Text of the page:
Racial segregation

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Racial segregation

Man drinking at a water cooler reserved for "Colored," Oklahoma City, Oklahoma, 1939.
Source: Russell Lee, July 1939, Library of Congress Prints and Photographs Division,Washington, DC.

After the Thirteenth Amendment abolished slavery in America, racial discrimination became regulated by the Jim Crow laws, which mandated strict segregation of the races. 
The end ofReconstruction produced a political and social climate of fear and intimidation for every black person in the South. Politically, the federal government abandoned any commitment to biracial democracy. In1883, the Supreme Court declared the Civil Rights Act of 1876 unconstitutional. The principle of “separate but equal,” America’s legal justification for domestic apartheid, was ordained by theSupreme Court in the Plessy v. Ferguson decision of 1896. Systematically, the gains made towards a more equal society during Reconstruction were dismantled and replaced by a new system of injustice. The JimCrow system of racial exploitation was, like slavery, both a caste/social order for regimenting cultural and political relations, and an economic structure that facilitated the super-exploitation ofblack’s labor power.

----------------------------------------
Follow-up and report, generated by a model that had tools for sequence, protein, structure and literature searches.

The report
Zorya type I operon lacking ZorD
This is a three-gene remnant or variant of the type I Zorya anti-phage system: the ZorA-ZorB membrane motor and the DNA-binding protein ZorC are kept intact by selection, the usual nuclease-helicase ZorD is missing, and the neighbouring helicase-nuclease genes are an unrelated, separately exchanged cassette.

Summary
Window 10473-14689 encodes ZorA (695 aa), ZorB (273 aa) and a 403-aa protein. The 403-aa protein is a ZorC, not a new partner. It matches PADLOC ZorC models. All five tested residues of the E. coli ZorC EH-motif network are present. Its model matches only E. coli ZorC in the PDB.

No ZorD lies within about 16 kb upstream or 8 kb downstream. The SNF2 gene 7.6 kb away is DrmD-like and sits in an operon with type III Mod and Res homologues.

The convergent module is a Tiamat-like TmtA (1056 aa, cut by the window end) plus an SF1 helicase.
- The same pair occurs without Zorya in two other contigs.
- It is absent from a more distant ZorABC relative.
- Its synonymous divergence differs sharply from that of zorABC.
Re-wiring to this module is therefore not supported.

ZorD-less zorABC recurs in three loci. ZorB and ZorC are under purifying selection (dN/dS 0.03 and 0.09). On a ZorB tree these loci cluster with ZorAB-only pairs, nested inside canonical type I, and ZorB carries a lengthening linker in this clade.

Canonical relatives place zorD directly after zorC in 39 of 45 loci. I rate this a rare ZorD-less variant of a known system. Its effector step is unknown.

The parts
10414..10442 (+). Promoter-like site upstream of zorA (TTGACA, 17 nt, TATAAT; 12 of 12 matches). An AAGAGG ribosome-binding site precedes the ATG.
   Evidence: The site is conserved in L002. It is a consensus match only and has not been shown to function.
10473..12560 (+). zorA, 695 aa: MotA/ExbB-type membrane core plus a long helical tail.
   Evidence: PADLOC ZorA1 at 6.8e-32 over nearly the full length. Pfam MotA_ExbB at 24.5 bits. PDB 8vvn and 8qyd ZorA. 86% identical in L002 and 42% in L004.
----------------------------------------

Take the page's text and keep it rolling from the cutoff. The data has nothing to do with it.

The key measures of Jim Crow laws concerning the separation of blacks in public places:
- Schools, churches and hospitals for blacks should be separated
- In transport, only afew seats at the rear are accessible to black people
- The promotion of equal rights is a misdemeanor punishable by jail.
- The administration of public services is reserved to white people
-  Anymarriage between a white person and a black person is prohibited.

- A black person can’t adopt, or have under his tutelage a white child, even if the parents of the latter have chosen that.
-Black and white families can’t live in the same building. The owner who rents an apartment to a black person in a building where white people are living is liable to imprisonment.

During 88 years,...
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